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Seeing Tomorrow: Rewriting the Rules of Risk

by Ron S. Dembo and Andrew Freeman, 1998, John Wiley, 260 pages, hardcover, US$27.95.   ISBN 0-471-24736-7.

Risk and decision-making continue to inspire new books.  This one is a particularly easy read.  Mathematical details are minimal.  There are many stories about decision failures; proper problem framing would have steered decision makers toward better choices.

This book prescribes a method to adjust values for attitude toward risk.  The authors are particularly concerned about Regret (which they capitalize).  The value of a risk situation is:
    Value = U - lR
where U is the expected value Upside (positive outcomes from the benchmark reference), R is the expected  value Regret (negative outcomes from the benchmark), and l (Greek letter lambda) is the risk aversion constantl values > 1 represent risk aversion.

Seeing Tomorrow is another book featuring a "prescriptive" form of decision analysis.  (A better one, I think, is Smart Choices, reviewed in an earlier Tip.)  These methods are helpful.  However, in my humble opinion, the method of adjusting for risk aversion is inferior to using an exponential utility function to express risk policy.  Another book that I recommend is Against the Gods.

The best part of Seeing Tomorrow is the stories.   Most of the transactions are drawn from banking, insurance, and mergers and acquisitions.  Decision failures happened because people failed to recognize or give adequate weighting to possible downside outcomes.  In several cases, losing the deal was often accompanied by more Regret than was appreciated beforehand.

Dembo and Freeman start early with a good definition:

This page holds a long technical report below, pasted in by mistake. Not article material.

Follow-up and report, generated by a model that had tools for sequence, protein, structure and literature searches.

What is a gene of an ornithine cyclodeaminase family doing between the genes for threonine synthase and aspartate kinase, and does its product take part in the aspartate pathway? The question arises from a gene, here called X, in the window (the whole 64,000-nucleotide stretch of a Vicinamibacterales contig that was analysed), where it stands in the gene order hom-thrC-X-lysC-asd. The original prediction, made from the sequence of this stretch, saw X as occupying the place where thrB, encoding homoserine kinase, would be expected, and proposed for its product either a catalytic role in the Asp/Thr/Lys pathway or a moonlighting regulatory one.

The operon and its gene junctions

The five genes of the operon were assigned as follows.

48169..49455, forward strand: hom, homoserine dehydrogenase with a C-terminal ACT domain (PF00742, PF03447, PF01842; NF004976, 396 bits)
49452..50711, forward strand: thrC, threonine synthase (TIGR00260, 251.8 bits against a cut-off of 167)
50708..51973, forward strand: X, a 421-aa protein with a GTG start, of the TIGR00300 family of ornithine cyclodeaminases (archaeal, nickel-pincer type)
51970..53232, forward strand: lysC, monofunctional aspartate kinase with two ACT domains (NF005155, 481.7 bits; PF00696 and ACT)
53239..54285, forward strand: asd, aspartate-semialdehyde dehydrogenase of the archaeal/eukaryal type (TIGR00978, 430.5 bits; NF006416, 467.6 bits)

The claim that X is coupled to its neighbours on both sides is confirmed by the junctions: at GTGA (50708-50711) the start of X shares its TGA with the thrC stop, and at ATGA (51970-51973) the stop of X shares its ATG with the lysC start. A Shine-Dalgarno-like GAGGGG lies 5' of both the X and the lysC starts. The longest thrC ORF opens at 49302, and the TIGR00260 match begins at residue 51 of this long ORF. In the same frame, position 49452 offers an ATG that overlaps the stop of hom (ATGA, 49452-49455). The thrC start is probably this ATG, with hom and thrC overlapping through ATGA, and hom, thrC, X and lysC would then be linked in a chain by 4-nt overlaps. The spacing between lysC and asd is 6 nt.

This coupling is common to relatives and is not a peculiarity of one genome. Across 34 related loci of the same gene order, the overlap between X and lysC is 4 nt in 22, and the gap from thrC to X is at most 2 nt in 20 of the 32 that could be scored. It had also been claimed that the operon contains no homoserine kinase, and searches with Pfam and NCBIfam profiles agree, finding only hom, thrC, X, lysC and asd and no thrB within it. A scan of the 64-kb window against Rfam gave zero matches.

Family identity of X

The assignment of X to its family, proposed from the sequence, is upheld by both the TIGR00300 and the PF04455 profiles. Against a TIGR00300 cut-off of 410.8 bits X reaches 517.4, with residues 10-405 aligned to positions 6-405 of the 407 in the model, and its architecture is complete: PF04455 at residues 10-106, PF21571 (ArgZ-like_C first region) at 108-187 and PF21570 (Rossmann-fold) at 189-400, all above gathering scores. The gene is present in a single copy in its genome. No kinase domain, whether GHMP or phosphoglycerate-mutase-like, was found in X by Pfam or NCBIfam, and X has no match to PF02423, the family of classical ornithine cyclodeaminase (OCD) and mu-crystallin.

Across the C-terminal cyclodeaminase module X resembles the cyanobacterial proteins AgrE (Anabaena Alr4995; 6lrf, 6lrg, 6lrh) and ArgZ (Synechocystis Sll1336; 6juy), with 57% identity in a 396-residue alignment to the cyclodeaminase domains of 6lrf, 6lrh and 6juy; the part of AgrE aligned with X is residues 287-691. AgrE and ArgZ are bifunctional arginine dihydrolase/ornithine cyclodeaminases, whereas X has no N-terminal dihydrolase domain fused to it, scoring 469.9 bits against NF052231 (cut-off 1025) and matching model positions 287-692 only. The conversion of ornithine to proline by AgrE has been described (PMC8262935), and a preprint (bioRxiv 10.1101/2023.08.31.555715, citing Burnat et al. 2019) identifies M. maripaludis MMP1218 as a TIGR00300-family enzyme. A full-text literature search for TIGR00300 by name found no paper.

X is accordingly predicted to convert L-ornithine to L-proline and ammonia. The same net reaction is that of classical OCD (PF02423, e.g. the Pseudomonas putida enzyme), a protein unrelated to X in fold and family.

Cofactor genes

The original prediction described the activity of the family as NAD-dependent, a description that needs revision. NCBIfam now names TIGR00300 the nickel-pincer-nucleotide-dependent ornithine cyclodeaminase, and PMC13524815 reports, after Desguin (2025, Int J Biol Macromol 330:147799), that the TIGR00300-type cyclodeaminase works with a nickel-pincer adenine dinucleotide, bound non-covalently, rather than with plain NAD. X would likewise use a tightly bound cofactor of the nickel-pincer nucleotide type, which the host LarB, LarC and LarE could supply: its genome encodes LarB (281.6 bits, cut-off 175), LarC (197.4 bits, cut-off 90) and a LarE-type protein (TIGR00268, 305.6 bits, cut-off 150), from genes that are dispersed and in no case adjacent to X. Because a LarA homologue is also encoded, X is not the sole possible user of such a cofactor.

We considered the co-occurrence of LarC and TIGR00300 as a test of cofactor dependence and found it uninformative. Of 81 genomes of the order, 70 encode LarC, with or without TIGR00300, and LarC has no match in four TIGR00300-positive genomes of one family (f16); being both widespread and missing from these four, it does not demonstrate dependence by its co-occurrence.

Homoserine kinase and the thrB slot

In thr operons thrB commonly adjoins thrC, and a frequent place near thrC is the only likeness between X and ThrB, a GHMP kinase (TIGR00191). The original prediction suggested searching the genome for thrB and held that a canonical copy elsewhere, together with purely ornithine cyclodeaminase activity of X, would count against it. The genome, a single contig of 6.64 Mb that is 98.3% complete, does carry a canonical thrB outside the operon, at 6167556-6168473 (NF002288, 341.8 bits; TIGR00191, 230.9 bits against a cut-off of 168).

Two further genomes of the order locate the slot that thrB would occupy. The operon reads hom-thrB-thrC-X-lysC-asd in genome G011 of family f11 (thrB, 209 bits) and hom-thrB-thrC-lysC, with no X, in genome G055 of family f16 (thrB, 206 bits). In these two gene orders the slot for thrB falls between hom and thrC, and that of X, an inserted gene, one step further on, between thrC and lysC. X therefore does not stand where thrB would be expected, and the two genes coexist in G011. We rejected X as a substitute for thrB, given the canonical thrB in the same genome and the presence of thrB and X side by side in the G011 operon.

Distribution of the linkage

"Risk is a measure of the potential changes in value that will be experienced in a portfolio as a result of differences in the environment between now and some future point in time."

There are four key components in how the authors approach risk management:

The approach so far is excellent reading.  Their quantitative method might appear workable at first glance.  Upon deeper inspection, you might have the same problems as I found.

The book twice uses an example where a person is faced with an 0.80 chance of gaining $1000 and 0.20 chance of losing $3000.  The authors suggest that the selling the upside, 0.20 chance of $1000, might be worth $300 to a decision-maker.   Simultaneously, this person might be willing to buy insurance for the 0.20 chance of -$3000 downside for -$100.  Thus the value is U-R = $300-$100=$200. [l was not used in the equation this time.] [Coincidentally, this is the same as the expected value, 0.8($1000)+0.2(-$3000)=$200.]

It believe that the fatal flaw in "the authors ground-breaking risk rules" (from the dustjacket) is that a rational (read conservative) person should be willing to pay more that $600 to insure against (or eliminate) a 0.20 chance of losing $3000.

I recommend reading this book for a broad discussion of risk and decision-making with colorful examples.  Please ignore the calculations. While I won't go so far as to call it "junk analysis," I believe that most people can find the mainstream decision analysis calculation methods to be more logical yet accessible.


—John Schuyler, September 1999

Copyright 1999 by John R. Schuyler. All rights reserved. Permission to copy with reproduction of this notice.